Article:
Baltimore’s newest arts and education hub is getting ready to open its doors, a big addition to the neighborhood.
Mayor Brandon Scott will lead a ribbon-cutting ceremony on Friday, June 17, at 9:30 a.m. for Baltimore Unity Hall, a $9.7 million re-constructed center for community arts, education and training at 1505 Eutaw Place. The event will include tours of the building and an exhibit about the area entitled, Division and Unity in Central West Baltimore.
The opening is followed by the No Boundaries Coalition Block Party the next day, Saturday, from noon to 4 p.m., on the Eutaw median park in front of Unity Hall. It will feature music, food trucks, kids’ activities assembled by Port Discovery and fresh produce from Fresh at the Avenue, plus local politicians.
Under construction since July, the project involved the conversion of a 1960s-era union hall to a 30,000-square-foot hub for programs and groups serving Bolton Hill, Madison Park, Upton and other Central West Baltimore communities. The renovated building contains offices and workspaces at below-market rents for non-profits and community organizations. It also has an auditorium, artist studios and exhibit areas that will make it a venue for community meetings, art shows and other cultural events.
The lower level has a workforce development center with a commercial kitchen and training and event spaces. Training will be provided at low or no cost to nearby residents seeking employment.
The non-profit board of Baltimore Unity Hall Inc. named Petula Caesar the founding director. Caesar, who started June 1, has worked in the non-profit and creative arts worlds in Baltimore for nearly two decades, most recently for the Women’s Housing Coalition.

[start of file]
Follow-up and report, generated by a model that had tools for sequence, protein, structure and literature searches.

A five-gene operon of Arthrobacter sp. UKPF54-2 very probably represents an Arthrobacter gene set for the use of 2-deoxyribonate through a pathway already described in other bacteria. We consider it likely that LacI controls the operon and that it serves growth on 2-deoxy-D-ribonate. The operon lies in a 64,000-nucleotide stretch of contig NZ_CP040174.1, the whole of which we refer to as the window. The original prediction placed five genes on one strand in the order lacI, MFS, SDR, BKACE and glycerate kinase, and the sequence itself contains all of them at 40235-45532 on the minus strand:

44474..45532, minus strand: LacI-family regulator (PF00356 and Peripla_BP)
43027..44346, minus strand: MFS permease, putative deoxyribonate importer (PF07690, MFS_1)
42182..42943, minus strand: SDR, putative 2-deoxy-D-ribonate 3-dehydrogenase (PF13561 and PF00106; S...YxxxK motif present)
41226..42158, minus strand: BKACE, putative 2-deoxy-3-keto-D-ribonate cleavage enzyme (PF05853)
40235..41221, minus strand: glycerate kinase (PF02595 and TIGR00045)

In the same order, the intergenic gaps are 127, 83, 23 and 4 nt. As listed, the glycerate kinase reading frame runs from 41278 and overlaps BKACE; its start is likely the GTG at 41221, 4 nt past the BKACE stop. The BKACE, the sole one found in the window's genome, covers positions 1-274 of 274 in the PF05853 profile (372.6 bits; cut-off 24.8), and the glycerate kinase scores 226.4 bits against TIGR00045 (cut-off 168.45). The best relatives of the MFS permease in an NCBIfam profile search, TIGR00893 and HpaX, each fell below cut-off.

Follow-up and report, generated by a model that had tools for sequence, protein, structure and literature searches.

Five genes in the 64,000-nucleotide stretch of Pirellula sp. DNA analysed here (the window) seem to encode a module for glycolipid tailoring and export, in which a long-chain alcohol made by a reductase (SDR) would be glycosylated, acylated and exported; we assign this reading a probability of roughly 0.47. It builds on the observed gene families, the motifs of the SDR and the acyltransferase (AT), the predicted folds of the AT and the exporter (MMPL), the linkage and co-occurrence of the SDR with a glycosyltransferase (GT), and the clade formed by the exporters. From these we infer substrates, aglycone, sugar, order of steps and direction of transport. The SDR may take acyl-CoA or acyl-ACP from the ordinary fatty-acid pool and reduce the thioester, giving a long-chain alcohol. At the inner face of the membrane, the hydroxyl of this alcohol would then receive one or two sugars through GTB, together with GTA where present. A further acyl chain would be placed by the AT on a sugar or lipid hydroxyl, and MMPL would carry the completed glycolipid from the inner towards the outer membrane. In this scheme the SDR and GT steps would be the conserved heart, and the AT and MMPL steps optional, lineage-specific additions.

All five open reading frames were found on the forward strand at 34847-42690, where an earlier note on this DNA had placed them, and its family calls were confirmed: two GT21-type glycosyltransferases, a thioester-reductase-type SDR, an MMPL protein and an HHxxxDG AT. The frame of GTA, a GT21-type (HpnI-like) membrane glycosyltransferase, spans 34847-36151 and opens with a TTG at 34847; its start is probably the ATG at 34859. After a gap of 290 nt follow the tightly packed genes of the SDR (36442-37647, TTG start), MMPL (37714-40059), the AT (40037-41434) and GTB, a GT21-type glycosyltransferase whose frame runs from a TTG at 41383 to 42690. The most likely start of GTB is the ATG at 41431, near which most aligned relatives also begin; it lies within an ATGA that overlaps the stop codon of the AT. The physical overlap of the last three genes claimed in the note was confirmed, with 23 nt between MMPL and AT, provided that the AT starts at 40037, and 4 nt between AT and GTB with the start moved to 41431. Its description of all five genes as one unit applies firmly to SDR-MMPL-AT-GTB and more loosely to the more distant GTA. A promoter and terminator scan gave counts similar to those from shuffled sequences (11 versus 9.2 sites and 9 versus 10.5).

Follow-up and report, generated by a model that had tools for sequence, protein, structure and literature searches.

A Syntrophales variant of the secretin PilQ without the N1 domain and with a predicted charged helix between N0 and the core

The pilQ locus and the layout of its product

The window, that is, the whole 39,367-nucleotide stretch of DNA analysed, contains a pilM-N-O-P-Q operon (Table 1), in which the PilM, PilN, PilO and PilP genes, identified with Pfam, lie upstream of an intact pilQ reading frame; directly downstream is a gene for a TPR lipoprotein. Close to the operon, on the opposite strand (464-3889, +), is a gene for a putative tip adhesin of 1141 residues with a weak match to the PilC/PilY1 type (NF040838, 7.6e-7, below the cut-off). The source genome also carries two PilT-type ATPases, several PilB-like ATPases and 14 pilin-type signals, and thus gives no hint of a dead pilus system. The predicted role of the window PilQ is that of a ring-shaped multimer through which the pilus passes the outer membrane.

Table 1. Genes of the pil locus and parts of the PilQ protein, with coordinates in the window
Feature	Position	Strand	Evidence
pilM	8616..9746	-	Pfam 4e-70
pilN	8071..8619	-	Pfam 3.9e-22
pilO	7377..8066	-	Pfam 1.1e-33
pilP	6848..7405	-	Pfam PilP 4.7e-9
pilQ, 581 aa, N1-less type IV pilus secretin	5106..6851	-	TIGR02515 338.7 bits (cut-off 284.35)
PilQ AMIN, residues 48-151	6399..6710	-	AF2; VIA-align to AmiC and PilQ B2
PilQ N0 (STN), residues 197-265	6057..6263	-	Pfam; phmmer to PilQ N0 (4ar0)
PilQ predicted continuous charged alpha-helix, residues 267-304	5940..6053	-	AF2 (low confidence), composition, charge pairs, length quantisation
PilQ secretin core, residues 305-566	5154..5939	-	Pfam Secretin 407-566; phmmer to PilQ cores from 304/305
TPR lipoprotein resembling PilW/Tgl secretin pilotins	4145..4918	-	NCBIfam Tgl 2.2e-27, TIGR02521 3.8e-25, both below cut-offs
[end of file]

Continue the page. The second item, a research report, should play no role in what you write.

“It’s not very often that you really get an opportunity to build something from the ground up,” she said. “I’m a person that enjoys charting new territory and creating new things. That drew me to this opportunity. Also, it feels like everything that I’ve done in my life is a part of this job. I can bring the experience that I have in the creative arts and the relationships I’ve made in those communities.
“I can bring the non-profit experience that I’ve had in the work that I’ve done there. I can bring the experience I’ve had as someone who has lived in the city and has seen all the versions of Baltimore that have existed [going back to the William Donald Schaefer era]. Having all that history about the city and all the things that it has gone through is very helpful in this role. It just seems like everything that I know and that I’ve done and that I’ve lived is something that can help me do this job.”
Caesar said she was also attracted by the board’s mission of creating a community hub that’s intended to help break down barriers and build a healthy neighborhood for all, by providing resources and a venue for creativity. Eutaw Place has long been a dividing line between relatively affluent areas such as Bolton Hill and Mount Vernon to the east and less affluent communities to the west. The name Unity Hall reflects the project’s mission to “unify” communities that typically don’t have much contact with each other.
A native of Paterson, NJ, Unity Hall director Caesar said she has lived in Baltimore for more than 40 years. A mother of two, she resides in East Baltimore’s Berea neighborhood.